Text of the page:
“What can I do to cure leukemia? I’ll try anything,” he said to me seriously. “I heard you’re doing research here. I want to join!”
He was interested in participating in a clinical trial of a new immunotherapy that uses the patient’s own immune system to target and eliminate leukemic cells. His doctor told him the trial was available at our cancer center.
Clinical trials are phase 1 trials, more dramatically called “first in human” trials. This is the first time the drug has been administered to people following what is called a “preclinical” trial. The main objectives of phase 1 trials are to find the appropriate drug dosage and evaluate the drug’s safety. No Determine if a drug really works.
In fact, these trials suggest that the drug’s potential to treat cancer in patients Historically less than 15%.
What motivates people to participate in clinical trials of experimental drugs before efficacy or dosage is known?
What motivates patients to participate in clinical trials?
in one studya survey asking just this question was mailed to about 300 cancer trial participants. % said they were motivated by the possibility of obtaining medical benefit from treatment.
The next highest motivations for adults to participate in phase 1 trials were to trust investigators (17%), to stay hopeful (15%) and to help future patients (4%). This last category is considered medical altruism in the sense that they want to help advance medical science. These tend to be more common in patients with a favorable prognosis.
So why did nearly half of these patients enroll in cancer clinical trials in the hope of an effective drug, when the sole purpose of the trial was to find the right dosage?
Imagine you are my patient with leukemia that continues to burn despite multiple rounds of chemotherapy. My doctor told me that there is no better treatment, so I should go to a nearby university hospital or a large academic hospital that may be conducting clinical trials of new drugs.
Communication gaps when signing up for clinical trials
For people like my patient, who are fit enough to drive six hours to see a doctor, a clinical trial is the next step in treatment. My doctor told me there was a clinical trial, regardless of what the trial entailed or the promise that the drug might work. .
But perhaps the more common reason is that those of us involved in clinical research have not effectively communicated the true goals of such early-stage trials.
Such ineffective communication can lead to therapeutic misunderstandings. That is, the belief that the purpose of research is to directly benefit the individual patients enrolled in the trial. In reality, only prospective patients can benefit from research.
another study investigated how physicians communicated the risks and benefits of participating in a phase 1 trial to 85 families of childhood cancer patients. In 81 of 85 families, drug treatment risks were discussed 95% of the time. It’s a little surprising that this didn’t happen 100% of the time, because those phase 1 trials included chemotherapy.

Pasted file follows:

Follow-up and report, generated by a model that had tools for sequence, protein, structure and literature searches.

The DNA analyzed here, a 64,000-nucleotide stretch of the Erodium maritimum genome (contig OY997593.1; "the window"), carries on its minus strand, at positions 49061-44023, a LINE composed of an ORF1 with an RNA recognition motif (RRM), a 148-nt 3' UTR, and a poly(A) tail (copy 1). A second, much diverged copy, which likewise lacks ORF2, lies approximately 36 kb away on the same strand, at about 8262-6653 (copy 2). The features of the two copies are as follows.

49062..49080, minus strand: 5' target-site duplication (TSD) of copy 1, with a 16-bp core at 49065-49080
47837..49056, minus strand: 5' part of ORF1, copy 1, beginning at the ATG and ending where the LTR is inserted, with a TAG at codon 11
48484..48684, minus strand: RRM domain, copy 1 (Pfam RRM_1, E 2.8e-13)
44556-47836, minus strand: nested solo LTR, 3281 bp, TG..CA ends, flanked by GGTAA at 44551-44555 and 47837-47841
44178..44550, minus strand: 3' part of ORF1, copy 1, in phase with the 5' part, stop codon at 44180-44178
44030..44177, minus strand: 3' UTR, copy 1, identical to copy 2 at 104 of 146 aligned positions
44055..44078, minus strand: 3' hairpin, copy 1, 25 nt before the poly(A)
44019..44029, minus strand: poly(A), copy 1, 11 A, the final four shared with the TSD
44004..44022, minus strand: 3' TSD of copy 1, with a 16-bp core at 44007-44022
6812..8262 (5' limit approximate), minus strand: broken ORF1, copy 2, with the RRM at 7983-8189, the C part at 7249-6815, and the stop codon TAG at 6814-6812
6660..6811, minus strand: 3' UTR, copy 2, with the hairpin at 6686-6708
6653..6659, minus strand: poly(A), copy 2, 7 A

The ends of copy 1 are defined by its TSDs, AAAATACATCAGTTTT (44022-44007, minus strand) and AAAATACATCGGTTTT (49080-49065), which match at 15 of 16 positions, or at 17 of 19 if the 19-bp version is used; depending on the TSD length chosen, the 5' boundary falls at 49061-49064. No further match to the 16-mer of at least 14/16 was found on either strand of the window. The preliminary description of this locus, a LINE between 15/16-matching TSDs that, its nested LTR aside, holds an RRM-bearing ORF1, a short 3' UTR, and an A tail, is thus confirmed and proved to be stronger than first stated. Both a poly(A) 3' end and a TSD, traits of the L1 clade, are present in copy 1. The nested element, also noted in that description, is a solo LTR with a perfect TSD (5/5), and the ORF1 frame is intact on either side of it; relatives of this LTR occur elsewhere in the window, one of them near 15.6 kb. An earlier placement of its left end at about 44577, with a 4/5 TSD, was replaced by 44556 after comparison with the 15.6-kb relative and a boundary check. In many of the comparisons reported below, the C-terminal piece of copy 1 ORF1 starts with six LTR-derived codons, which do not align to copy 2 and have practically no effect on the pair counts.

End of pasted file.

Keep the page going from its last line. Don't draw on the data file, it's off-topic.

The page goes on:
Therapeutic benefit was discussed with approximately equal frequency in 75 of 85 families, 88% of the time. Altruism was mentioned in her 41% of family members. However, 13% of the conversations described the clinical trial as actually building a bridge to another treatment or extending life. There was no evidence that these first-person drug treatments were even effective in shrinking cancer.
“I’m not ready to throw in the towel yet.”
Terminally ill cancer patients seek treatment for a variety of reasons and are willing to endure significant side effects from drugs for the prospect of modest benefits.
As healthcare providers, it is our responsibility to understand these motivations and ensure that patients do not enroll in clinical trials with the wrong goals in mind. Also, special care must be taken not to misinform the patient about what the goals of treatment are. Possible.
I asked the patient if he was sure he wanted to pursue another treatment for his leukemia.
“No Doc, I’m not ready to throw in the towel yet. I’m still tough as nails!”
He qualified for the trial and spent the next month in the hospital, enduring considerable side effects from the treatment, all the while retaining his fine spirit. But at the end of the month, despite his and our efforts, the leukemia remained.
I saw him again at my clinic before he went home and apologized for how he had spent what turned out to be his last week. I felt terrible that I spent this time in a foreign city, enduring the blows of experimental treatments instead of going home.
he shook me off “Doctor, was it worth it? Maybe you’ll learn something by studying me and I can help someone in the future.”
His altruism was very touching. And maybe for my patients, it was just the point all along to get Moxie to take that step of treatment—to get in the ring again and say he’s explored every avenue.
Mikkael A. Sekeres, MD, MS is Chief of Hematology at the University of Miami Sylvester Comprehensive Cancer Center. He is a former chairman of the FDA’s Oncology Drug Advisory Committee and author of the book. Drugs and FDA: Safety, Efficacy, and Public ConfidenceFollow him on Twitter @MikkaelSekeres.